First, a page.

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"Discriminatory", "Inflammatory", "Violent Threats", etc that are easier for a classified. The same approach can be used to identify quality contributions as well with sub-categories such as "Congenial", "Insightful", and "Informative". CoMo has following technological features: • • • CoMo needs training according to client's editorial standards using historical data. CoMo is updated on a regular basis using feedback from the client's own users community. CoMo moderates content in real time and tends to eliminate backlogged and pending content on even the busiest sites. 5. CONCLUSIONS User-generated content has exploded in recent times. UGC has not only created challenges of maintaining the editorial standard for the publishers but also generated opportunity for the publishers by monetizing the UGC for advertisers. Successful monetization requires content moderation to protect not only the publisher’s brand but also effectively control the menace of malcontent. In fact, the brand-protection has always served as a challenge for the content moderation system. Finding users with a positive intent can help to reduce costs as companies may find that users with a positive reputation do not need to be moderated as intensively as those with no history or a less than stellar reputation. Users will get a seriously reduced rating if he or she abuses the rules of a website by uploading offensive or abusive material onto a community which could result in a user's online reputation being tarnished. Automated filter and human moderation are the ways to moderate the content but they suffer from several limitations. Automated system such as one discuss here will not only safeguard the online brand but also provide a more positive and safer online experience for consumers and improve online safety while rewarding responsible users. It not only helps in deterring cyber bullying and online abuse, but also enables companies identify users who take a positive, active role in their communities.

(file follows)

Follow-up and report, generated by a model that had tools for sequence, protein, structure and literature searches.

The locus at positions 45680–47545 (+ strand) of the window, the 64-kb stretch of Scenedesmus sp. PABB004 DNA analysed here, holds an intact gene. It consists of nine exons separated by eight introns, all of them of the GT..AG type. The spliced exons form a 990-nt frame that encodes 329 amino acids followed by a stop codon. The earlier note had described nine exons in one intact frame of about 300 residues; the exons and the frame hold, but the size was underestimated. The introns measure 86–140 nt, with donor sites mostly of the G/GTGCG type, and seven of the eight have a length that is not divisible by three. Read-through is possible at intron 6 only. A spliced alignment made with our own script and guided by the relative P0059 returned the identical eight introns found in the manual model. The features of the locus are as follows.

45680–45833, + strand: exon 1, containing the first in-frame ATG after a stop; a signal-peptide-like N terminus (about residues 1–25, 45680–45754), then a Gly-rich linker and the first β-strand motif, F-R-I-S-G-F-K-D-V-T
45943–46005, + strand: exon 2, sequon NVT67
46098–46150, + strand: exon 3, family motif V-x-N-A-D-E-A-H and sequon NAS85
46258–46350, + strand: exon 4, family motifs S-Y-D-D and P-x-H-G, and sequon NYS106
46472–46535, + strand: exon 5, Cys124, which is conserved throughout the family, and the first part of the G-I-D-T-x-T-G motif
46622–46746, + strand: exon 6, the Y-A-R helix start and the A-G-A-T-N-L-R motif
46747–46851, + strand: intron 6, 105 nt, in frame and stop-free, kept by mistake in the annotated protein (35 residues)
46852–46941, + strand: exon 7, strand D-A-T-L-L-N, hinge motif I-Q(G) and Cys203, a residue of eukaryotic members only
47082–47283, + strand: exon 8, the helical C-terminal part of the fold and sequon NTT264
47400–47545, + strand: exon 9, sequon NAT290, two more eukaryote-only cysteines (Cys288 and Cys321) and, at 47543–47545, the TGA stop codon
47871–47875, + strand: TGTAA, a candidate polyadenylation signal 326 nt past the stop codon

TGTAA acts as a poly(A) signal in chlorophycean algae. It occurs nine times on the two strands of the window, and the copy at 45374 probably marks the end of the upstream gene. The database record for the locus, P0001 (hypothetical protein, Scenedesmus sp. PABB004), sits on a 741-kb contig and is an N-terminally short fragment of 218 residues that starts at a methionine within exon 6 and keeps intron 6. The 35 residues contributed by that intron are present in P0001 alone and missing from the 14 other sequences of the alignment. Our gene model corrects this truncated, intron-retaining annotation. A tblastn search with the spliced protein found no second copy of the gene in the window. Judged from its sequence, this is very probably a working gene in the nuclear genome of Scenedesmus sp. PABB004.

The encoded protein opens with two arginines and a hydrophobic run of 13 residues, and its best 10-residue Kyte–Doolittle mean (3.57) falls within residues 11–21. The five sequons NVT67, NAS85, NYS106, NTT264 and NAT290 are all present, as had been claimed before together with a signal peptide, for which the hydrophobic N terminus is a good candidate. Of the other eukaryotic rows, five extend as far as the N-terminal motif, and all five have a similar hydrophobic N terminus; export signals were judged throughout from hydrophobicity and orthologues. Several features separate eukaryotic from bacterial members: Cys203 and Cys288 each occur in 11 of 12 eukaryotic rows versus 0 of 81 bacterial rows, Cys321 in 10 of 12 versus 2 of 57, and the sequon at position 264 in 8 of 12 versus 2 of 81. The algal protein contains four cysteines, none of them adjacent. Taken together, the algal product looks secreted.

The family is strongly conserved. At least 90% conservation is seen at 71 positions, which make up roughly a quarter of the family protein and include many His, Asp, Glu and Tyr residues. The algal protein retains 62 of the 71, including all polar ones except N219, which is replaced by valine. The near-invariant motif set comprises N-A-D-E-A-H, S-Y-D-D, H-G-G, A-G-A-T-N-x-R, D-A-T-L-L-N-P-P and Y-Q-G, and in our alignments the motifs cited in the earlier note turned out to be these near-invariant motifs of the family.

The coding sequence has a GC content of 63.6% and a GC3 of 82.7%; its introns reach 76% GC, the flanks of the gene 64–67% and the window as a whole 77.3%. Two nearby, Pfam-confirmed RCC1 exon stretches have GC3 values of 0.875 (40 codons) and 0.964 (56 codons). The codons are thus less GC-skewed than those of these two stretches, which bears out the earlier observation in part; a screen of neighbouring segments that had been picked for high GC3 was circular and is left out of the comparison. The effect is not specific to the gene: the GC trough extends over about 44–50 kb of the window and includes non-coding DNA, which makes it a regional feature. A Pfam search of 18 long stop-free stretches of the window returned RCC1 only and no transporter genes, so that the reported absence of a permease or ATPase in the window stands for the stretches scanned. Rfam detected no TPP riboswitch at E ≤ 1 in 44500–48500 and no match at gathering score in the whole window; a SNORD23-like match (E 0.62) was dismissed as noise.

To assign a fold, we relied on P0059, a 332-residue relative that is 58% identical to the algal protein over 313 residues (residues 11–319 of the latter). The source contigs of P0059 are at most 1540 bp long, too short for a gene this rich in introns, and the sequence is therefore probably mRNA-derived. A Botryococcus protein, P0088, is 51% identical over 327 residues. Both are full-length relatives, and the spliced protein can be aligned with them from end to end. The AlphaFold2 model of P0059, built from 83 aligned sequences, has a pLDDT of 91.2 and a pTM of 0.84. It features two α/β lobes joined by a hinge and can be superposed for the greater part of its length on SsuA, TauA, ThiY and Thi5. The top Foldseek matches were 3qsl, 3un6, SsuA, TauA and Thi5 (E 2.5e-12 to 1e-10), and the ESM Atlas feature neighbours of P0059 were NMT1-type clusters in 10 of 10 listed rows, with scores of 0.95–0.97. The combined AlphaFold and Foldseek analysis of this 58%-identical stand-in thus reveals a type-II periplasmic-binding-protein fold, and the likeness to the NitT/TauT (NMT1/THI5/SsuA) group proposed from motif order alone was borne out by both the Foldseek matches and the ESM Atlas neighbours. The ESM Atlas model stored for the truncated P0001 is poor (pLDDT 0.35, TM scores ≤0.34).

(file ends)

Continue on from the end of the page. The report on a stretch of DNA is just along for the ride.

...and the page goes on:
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APPENDIX 1. Bayesian Filtering Bayesian filtering is a statistical technique of keywords filtering. It makes use of a naive Bayes classifier to identify unwanted content. Bayesian spam filtering has become a popular mechanism to distinguish between illegitimate from legitimate content. Particular words have high probabilities of occurring in malcontent than in legitimate content. For instance, most email users will frequently encounter the word "Sucks" in unwanted content, but will seldom see it in informative content. The filter doesn't know these probabilities in advance, and must first be trained so it can build them up. To train the filter, the user must manually indicate whether new user-generated content (UGC) is abusive or not. For all words in training UGC, the filter will adjust the probabilities that each word will appear in unwanted UGC or legitimate UGC in its database. For instance, Bayesian filters will typically have learned a very high spam probability for the words "Sucks" and "Black male", but a very low probability for words seen only in legitimate content, such as the names of friends and family members. After training, the word probabilities (also known as likelihood functions) are used to compute the probability that a UGC with a particular set of words belongs to either good or bad category. Each word in the UGC contributes to the probability of good or abusive content. This contribution is called the posterior probability and is computed using Bayes' theorem. Then, the email's spam probability is computed over all words in the UGC, and if the total exceeds a certain threshold (say 95%), then the filter will mark the UGC as a malcontent and deletes it. The initial training can usually be refined when wrong judgments from the software are identified (false positives or false negatives). That allows the software to dynamically adapt to the ever-evolving nature of abusive content.